What to do if your dog is frightened of other dogs
Last week on the blog we talked about how a high percentage of puppies bought in lockdown haven’t been to the park, met a child or even met people from another household due to the current coronavirus restrictions. A survey of 1,000 UK adults also revealed that some 42% of dogs acquired in lockdown are yet to be introduced to another dog - and this can lead to all sorts of problems if it is not addressed. So this week we thought we’d take a look at some of the issues arising from lack of socialisation and what you can do if your dog is frightened of other dogs.
Anxious puppy Photo by Mia Anderson on Unsplash
The benefits of puppy socialisation
It is perfectly natural for some puppies to be wary of things that they are unfamiliar with, including other dogs. Often this fear or uncertainty is simply due to the fact that they are unfamiliar with them it and this is why it is vital to socialise your puppy as much as you can whilst they are young – although this is understandably more difficult in the current situation. Socialisation involves exposing your puppy to all different kinds of people, animals and situations and fostering positive interactions during the first few months of their life. It’s always easier to address being scared, uncertain or apprehensive by gently exposing your dog to different situations and building up their confidence when they are young - rather than trying to treat them retrospectively. So the more you can do (within government COVID guidelines) the better it will be for your pup. The importance of socialisation shouldn’t be overlooked and you should include it as a vital part of their training.
Early positive experiences and positive reinforcement are crucial for the development of a happy confident dog, Socialisation and communication skills are developed in the early weeks to months of your puppy’s life. These early life experiences influence how your puppy will play, communicate and learn as they develop into an adult dog.
Dogs playing Photo by David Taffet on Unsplash
Although it’s harder to treat a nervous or anxious dog who has missed out on socialisation, it is not impossible. There may also different reasons why your puppy is having problems with other dogs. Whilst a lack of socialisation may cause your puppy to be afraid of other dogs, some breeds are simply predisposed to anxiety or may be timid. If your puppy has had a traumatic experience with another dog, where they have been attacked or felt threatened they may also be nervous around other dogs too. The best thing you can do to address this is with positive reinforcement. Create positive experiences. Never punish your dog for being afraid, and don’t force interactions, allow them to interact in their own time. Provide them with opportunities where they feel safe enough to interact, with repeated positive reinforcement and rewards.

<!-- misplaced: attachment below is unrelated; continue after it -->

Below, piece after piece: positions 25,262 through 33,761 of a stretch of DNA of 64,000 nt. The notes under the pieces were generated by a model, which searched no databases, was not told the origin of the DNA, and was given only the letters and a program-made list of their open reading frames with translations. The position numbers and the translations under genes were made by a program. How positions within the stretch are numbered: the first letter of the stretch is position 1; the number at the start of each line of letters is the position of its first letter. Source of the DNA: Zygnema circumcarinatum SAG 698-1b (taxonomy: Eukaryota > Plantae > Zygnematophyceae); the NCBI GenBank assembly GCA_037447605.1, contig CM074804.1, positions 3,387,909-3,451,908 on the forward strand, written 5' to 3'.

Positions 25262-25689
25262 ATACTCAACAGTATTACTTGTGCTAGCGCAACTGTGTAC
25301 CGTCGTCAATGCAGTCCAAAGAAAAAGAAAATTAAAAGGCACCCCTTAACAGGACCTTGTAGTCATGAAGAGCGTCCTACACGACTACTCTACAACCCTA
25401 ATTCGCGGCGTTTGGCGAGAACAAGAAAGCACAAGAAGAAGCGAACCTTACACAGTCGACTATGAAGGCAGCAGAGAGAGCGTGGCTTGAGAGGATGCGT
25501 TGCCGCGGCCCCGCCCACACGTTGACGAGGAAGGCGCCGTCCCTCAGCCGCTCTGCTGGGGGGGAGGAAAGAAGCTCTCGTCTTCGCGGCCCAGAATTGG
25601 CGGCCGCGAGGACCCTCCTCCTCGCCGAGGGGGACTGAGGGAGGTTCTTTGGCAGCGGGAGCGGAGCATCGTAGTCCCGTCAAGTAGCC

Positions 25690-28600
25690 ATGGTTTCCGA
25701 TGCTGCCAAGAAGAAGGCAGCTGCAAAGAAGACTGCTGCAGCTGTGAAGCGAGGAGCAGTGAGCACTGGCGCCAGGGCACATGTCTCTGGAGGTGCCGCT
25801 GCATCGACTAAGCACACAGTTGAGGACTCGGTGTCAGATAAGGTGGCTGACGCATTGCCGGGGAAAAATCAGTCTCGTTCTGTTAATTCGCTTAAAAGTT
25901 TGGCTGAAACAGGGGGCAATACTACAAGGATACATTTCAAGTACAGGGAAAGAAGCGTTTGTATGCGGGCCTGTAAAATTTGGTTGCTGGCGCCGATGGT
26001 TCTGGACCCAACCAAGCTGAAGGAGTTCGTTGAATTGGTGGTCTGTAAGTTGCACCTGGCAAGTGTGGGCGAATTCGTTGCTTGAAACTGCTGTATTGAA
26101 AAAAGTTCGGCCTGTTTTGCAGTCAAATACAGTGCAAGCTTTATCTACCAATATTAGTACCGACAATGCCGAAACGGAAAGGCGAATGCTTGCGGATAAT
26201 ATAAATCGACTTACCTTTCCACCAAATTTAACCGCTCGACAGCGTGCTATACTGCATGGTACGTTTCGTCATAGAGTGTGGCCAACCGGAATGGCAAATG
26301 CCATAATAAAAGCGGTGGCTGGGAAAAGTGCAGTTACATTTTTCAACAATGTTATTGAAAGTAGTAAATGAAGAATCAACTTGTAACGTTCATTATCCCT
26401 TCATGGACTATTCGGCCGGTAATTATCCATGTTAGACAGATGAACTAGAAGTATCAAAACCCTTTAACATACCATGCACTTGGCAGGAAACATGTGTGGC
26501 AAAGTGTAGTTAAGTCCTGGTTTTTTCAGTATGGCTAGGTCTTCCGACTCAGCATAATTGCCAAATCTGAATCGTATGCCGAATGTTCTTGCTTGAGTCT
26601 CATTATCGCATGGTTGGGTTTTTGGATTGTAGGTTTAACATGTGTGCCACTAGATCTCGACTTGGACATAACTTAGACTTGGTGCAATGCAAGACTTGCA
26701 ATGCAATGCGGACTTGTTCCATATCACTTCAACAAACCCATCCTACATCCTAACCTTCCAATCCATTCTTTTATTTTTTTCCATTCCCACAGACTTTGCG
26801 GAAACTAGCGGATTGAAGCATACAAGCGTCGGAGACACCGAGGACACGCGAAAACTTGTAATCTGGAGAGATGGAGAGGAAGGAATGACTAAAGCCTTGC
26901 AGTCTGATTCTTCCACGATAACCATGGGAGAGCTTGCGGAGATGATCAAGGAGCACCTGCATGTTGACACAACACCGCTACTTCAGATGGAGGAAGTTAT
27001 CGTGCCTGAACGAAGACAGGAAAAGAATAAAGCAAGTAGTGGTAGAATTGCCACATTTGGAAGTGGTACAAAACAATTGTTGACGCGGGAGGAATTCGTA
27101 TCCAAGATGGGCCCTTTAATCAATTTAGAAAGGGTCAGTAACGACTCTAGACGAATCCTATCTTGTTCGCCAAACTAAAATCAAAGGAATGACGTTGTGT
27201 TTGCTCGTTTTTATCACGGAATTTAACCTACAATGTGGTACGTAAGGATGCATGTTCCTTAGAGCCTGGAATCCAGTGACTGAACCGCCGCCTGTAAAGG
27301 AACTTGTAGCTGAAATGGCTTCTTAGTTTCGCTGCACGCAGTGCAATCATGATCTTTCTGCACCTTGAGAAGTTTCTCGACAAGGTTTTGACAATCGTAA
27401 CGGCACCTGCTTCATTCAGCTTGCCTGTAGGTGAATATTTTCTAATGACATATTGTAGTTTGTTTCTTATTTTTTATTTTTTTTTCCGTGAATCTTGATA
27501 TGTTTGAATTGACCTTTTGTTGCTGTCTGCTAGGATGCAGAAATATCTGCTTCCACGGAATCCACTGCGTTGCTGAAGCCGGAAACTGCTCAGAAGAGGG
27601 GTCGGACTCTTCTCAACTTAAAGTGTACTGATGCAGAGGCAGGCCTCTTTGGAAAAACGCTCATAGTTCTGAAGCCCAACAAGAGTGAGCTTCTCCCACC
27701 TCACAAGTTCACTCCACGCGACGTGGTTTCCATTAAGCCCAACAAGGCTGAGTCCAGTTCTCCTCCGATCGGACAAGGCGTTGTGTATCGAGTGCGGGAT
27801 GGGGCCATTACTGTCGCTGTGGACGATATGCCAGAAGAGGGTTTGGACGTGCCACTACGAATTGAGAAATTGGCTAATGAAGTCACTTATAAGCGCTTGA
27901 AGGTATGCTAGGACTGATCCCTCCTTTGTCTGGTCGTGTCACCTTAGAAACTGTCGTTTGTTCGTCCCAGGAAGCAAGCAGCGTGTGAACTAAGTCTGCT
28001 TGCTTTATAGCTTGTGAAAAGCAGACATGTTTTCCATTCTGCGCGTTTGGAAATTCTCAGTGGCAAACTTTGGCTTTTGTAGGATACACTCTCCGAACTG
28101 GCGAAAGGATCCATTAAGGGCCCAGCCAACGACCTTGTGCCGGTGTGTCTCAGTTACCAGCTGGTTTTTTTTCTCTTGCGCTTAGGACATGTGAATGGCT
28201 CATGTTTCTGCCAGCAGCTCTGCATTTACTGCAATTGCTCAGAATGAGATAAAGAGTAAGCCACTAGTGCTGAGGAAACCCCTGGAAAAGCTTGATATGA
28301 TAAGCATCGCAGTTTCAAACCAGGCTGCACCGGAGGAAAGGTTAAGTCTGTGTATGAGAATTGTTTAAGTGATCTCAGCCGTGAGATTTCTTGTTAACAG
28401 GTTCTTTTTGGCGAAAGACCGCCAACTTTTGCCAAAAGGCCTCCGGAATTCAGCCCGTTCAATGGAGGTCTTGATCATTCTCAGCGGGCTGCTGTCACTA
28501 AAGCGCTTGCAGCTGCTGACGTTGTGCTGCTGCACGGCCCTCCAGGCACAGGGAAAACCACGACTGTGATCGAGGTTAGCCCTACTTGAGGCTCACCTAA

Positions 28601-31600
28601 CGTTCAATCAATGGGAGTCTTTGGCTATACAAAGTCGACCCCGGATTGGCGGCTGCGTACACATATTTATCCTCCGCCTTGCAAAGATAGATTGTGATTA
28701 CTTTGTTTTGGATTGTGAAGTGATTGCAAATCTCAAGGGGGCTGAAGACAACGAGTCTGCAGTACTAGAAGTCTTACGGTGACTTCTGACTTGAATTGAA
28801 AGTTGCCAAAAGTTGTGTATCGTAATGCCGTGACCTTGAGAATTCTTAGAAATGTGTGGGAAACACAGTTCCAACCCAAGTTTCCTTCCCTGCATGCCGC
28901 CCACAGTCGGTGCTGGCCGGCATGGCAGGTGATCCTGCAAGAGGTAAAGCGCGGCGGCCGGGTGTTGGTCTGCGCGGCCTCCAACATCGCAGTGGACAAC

Sad dog Photo by Richard Horne on Unsplash
Signs that your dog is scared
Sometimes it may not be clear that your dog is acting in a certain way because they are afraid as they may lash out rather than back away. Common signs of fear and anxiety in dogs are: trembling, whining, hiding behind your legs or furniture and urinating or defecating – but they may also display defensive aggression such as growling, biting or barking and it’s important that you are able to spot this behaviour and remove them from the situation, rather than punishing them and heightening their negative experience, which could potentially make it worse next time.
One of the best ways to approach this kind of behaviour is by taking your puppy to training classes. However at the moment this isn’t feasible as people aren’t allowed to meet in groups – but there are plenty of puppy schools and training resources available online and it is worth checking these out to see what types of things you can be doing to ease your pup’s anxiety and build their confidence until lockdown is finished.
Dogs running Photo by Mark Galer on Unsplash
You can also try desensitising your puppy but it is a good idea to get some advice from a vet or puppy training professional before you embark on this kind of behavioural training. It is crucial that you do not push your puppy too far, too soon as this can make the situation worse and it is important that they trust you and that you can maintain this trust. This is something that you can work on together in your own time as well. Once you have built up trust, where possible, gradually, patiently and gently expose your pup to other dogs and unfamiliar situations and teach them to associate this exposure with positive feedback.
Use something rewards such as a tasty treat (high quality food such as sausages or chicken are best) or a favourite toy. Sometimes your dog may refuse food if they are anxious so it is important to keep going and build up the exposure slowly, over time. This does take a while and it is unreasonable to expect you will fix everything on the first attempt.
If you find it too difficult, scale it back a bit and make an appointment to see a dog trainer once lockdown ends – but don’t give up! Remember that socially-challenged puppies grow into socially-challenged dogs and you can still work on your own trust and relationship exercises with your dog at home until you are able to take them to see a trainer or participate in puppy classes. Just keep going!
Dogs and cats Photo by Chewy on Unsplash
Have you got any tips of socialising your dog in lockdown? As always, we’d love to hear about them. Let us know in the comments section below!
Main photo: Dogs meeting by freestocks on Unsplash